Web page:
Executive Director of Alex Media Forum Ahmed Essmat- Egypt Today/Rehab Ismail
CAIRO - 15 April 2018: A phenomenon that has been plaguing the journalism profession in the past few years, fake news, misinformation and rumors have become a challenge with the advent of social media. The sixth edition of the Alex Media Forum (AMF) tackled fake news, post-truth, artificial intelligence and more about new digital challenges.
The forum, which has been held since 2012, will be held this year from April 15 to 17 and aims to cover the latest topics related to media and technology, including all audio-visual and digital platforms.
The forum includes three main activities; workshops combating fake news in media production to develop workers’ capabilities, a forum for media education in universities, and a round-table for media educators teaching new media and technology. It aims at bridging the gap between media practitioners, educators and new technologies. The forum also provides grants for Arab journalists and outstanding students.
The AMF was awarded the Arab Media Innovation Award by the Arab Thought Foundation in 2016 as well as an award from the Arab Academy for Science and Technology for their role in promoting media innovation at the university.
AMF’s founder and executive director Ahmed Esmat speaks to Business Today Egypt about social media’s role in spreading rumors, how fake news are affecting the media business and how to combat them, as well as the role that the AMF plays. Esmat is also the director of the monthly English-language magazine Alex Agenda and a media and communications consultant who has been working in the media field for the past 12 years.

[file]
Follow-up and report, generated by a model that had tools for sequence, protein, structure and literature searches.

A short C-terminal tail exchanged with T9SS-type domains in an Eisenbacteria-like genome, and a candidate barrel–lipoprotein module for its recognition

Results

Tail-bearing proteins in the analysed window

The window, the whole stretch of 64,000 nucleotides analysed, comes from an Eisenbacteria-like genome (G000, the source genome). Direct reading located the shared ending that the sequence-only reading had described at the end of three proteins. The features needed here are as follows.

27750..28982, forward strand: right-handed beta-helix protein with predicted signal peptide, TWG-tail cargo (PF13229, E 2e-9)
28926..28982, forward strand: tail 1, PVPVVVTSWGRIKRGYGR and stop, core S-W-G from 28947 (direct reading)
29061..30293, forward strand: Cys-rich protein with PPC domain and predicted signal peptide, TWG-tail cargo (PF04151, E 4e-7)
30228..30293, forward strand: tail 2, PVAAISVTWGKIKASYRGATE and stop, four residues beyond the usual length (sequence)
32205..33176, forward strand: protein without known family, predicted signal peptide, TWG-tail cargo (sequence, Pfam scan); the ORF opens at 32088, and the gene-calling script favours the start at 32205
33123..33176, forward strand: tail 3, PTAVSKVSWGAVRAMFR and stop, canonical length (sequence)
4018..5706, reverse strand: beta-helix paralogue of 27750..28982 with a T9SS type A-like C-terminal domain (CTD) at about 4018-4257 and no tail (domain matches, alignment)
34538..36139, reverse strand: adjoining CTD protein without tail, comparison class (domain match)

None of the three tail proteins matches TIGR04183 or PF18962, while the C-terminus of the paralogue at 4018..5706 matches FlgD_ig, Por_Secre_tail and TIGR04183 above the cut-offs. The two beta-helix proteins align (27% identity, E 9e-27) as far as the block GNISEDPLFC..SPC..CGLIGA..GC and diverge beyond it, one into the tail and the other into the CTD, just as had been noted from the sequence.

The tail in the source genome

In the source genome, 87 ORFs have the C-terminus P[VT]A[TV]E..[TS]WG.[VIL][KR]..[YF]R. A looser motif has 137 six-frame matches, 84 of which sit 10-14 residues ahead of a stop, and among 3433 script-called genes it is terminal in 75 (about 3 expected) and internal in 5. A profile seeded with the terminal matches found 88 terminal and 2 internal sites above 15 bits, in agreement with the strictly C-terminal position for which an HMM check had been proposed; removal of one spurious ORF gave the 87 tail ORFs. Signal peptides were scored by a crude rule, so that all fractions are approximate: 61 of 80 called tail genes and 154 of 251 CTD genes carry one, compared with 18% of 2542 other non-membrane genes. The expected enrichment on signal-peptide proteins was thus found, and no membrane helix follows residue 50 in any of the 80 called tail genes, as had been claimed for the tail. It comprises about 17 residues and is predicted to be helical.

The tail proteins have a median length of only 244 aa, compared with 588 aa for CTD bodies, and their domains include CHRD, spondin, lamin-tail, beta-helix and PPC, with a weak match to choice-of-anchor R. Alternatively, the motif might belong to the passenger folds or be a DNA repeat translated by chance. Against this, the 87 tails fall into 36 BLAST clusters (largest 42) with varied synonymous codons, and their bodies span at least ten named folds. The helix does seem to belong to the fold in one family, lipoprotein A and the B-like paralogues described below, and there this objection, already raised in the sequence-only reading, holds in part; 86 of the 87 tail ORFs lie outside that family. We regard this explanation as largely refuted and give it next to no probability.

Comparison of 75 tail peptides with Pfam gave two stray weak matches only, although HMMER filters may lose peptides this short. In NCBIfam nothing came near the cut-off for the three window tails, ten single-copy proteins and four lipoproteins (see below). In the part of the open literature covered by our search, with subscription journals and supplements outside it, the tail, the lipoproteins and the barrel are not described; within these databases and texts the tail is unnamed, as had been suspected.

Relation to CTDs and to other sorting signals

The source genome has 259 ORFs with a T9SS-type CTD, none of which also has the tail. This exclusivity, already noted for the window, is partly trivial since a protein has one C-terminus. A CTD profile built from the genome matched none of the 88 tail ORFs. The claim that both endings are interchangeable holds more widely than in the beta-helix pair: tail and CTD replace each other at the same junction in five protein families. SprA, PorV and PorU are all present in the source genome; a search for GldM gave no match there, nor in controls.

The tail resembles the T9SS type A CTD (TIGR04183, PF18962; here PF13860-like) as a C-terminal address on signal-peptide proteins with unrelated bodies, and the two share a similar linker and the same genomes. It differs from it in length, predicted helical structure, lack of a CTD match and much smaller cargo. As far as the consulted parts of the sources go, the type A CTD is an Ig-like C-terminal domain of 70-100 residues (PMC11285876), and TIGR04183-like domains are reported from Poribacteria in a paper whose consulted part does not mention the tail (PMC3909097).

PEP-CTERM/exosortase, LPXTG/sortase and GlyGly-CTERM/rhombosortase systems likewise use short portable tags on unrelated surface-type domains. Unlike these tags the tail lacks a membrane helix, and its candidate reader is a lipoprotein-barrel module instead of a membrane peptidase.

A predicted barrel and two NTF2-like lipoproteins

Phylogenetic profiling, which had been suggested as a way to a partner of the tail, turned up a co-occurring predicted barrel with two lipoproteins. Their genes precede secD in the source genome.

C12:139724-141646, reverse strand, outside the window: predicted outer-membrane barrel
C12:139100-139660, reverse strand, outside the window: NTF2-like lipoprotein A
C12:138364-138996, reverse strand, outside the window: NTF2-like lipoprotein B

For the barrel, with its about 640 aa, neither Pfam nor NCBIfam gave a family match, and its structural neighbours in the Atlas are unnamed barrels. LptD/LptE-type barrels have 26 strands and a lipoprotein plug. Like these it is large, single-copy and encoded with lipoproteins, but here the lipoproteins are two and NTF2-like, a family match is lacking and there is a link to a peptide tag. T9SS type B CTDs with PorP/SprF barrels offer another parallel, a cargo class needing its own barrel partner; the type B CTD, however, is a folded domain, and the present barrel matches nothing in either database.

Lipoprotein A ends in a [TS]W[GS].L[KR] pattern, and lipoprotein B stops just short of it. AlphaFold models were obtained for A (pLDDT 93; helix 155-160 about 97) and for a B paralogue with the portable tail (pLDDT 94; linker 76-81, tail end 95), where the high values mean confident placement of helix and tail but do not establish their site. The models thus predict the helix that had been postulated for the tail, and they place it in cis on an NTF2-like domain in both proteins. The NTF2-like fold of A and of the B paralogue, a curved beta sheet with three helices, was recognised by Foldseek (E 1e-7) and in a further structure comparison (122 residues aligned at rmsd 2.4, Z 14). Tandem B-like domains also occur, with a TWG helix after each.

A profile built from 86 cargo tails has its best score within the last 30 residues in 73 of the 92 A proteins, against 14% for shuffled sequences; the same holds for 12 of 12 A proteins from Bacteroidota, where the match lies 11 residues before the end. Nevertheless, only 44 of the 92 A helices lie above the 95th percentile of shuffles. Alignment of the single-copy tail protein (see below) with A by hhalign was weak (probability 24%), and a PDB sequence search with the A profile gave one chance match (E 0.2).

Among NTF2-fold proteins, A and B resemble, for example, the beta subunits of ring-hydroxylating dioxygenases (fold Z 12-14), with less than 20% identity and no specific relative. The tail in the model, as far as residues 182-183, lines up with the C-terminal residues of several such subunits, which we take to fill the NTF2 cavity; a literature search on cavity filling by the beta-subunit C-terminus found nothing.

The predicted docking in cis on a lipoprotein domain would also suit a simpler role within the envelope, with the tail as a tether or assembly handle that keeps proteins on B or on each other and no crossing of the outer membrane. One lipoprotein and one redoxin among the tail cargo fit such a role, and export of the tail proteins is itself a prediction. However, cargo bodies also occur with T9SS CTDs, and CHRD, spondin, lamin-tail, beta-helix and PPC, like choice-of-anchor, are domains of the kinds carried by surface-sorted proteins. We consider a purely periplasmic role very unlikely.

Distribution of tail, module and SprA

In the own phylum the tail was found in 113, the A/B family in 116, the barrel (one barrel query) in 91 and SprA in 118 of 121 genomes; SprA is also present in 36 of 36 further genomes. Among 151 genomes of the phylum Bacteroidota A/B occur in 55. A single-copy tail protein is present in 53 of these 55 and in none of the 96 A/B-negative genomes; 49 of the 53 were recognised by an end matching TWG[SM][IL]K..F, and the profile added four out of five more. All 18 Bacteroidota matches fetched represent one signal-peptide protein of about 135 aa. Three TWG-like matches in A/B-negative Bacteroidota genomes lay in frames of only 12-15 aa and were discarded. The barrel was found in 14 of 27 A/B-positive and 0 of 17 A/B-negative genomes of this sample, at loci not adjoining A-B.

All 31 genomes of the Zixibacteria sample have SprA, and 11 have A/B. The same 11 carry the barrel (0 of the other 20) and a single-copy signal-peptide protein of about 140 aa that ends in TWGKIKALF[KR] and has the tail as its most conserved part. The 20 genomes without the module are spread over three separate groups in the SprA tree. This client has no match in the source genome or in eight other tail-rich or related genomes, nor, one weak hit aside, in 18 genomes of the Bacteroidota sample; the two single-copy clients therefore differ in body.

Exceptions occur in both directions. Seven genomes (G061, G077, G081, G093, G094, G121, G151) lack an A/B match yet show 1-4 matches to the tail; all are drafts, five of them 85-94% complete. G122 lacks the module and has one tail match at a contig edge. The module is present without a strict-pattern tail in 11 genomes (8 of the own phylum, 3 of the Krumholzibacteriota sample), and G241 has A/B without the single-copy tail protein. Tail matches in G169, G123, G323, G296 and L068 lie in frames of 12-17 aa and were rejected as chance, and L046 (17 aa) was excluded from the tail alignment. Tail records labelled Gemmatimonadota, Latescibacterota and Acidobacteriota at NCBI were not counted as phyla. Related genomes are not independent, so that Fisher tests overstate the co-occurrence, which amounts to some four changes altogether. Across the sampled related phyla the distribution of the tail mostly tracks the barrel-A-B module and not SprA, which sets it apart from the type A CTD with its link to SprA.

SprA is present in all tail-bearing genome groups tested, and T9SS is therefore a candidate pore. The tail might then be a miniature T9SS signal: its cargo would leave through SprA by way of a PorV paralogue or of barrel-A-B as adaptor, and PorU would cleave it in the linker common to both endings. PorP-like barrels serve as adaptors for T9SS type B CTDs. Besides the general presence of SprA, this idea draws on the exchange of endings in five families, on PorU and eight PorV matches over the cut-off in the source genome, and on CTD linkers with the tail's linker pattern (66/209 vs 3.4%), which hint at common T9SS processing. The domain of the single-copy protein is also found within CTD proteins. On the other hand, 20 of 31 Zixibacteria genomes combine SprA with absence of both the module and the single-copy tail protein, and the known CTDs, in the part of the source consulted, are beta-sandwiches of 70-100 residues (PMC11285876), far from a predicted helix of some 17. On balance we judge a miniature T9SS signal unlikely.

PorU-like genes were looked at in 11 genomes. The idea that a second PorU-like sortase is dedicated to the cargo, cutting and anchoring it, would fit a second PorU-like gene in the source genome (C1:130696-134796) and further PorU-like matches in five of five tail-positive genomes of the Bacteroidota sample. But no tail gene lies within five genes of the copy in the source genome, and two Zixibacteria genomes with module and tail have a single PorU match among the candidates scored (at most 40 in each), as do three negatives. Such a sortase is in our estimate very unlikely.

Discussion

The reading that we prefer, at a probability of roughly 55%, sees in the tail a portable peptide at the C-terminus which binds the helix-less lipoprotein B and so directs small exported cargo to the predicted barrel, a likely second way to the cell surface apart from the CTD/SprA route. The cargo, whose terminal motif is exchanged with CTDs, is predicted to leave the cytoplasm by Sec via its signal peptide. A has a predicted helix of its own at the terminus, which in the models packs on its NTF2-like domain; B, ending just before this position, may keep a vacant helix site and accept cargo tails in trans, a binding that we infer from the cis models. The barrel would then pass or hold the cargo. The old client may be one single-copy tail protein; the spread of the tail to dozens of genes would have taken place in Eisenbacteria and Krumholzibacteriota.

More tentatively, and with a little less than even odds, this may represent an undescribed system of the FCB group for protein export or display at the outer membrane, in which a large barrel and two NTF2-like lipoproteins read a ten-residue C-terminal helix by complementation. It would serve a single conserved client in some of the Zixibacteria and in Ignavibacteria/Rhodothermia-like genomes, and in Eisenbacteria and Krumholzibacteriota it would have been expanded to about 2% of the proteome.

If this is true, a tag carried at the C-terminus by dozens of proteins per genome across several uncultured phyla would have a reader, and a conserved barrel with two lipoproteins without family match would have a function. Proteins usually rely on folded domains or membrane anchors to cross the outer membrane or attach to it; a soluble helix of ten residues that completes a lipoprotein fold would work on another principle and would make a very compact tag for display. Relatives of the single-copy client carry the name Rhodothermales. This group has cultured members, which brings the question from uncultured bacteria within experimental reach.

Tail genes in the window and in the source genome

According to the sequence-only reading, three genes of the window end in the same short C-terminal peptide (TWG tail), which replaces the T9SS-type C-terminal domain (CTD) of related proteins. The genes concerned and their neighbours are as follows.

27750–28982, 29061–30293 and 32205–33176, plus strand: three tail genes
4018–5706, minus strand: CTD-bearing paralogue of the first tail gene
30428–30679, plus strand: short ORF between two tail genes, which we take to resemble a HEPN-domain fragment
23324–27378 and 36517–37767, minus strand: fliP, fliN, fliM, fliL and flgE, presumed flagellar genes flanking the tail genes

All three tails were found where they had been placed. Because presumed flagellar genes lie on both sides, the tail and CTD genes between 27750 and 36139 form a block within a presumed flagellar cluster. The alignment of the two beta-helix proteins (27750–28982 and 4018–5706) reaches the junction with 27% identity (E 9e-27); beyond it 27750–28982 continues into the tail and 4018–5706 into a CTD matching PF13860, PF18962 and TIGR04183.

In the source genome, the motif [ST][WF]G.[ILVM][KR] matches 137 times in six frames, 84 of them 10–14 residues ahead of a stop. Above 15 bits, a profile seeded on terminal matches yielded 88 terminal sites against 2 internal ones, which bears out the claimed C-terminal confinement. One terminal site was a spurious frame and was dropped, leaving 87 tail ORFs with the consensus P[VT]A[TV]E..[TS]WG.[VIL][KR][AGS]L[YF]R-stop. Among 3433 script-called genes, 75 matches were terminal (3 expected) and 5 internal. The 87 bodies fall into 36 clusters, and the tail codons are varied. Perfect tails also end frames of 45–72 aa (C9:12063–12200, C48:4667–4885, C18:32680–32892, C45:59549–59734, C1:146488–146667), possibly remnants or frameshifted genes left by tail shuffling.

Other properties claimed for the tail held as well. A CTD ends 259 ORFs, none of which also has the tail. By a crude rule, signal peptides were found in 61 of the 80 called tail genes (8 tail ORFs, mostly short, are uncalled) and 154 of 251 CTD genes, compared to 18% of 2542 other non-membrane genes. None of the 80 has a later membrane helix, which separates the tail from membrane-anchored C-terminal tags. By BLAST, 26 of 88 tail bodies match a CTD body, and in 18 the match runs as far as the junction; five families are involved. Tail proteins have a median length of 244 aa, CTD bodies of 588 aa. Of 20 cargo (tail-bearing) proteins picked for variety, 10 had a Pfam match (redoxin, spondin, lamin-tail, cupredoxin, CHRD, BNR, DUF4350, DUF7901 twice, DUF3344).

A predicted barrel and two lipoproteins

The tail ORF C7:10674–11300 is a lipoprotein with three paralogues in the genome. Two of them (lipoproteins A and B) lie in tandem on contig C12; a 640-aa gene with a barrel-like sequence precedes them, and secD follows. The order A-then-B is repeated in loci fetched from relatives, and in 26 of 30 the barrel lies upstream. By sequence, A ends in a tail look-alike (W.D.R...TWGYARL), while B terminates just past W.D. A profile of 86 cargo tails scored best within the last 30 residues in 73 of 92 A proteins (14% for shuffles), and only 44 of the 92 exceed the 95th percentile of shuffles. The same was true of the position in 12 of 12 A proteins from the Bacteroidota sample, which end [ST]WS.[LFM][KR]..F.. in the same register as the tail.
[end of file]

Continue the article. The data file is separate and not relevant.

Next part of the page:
You have covered various themes since you launched, and this year’s aim is combating fake news. Can you tell us why you chose this particular theme this year?
Actually, this year’s theme is “Media Technology and Post Truth,” and we translated that in Arabic to “Against Fake News.” We think [the latter] terminology is more appealing for participants, while the “Post Truth” would be more appealing to those with an academic background.
After much discussion, debate and research, the Oxford Dictionaries chose their Word of the Year 2016 as post-truth; an adjective defined as “relating to or denoting circumstances in which objective facts are less influential in shaping public opinion than appeals to emotion and personal belief.”
The term “fake news” was also named Collins’ dictionary Word of the Year 2017. Usage of the term has risen by 365% since 2016. Defined as “false, often sensational, information disseminated under the guise of news reporting,” the term “fake news” will now be added to the next print edition of Collins Dictionary.
People are suffering from fake news globally, and it affects every aspect of their life. Rumors are part of the psychological war, as it changes the way people think about a particular topic. So we will try to tackle how fake news is produced, distributed and how to combat that.
How do you think fake news could affect the media business?
Mainly, the sources of income for any media institution are subscriptions, advertisements and direct purchase for its products. The big problem arises when media consumers cannot differentiate between real and fake news, so they start questioning everything, even the real ones. They stop reading, listening or watching news, which is reflected on revenues of all types of media. Businesses then lose their main source of income, highlighting the industry’s fragility.
We are in the era of new media, more fake news lead to weaker user engagement, especially online, so advertisements don’t get the attention they need from these platforms.
Would you say that social media breeds fake news, or has the concept always been around?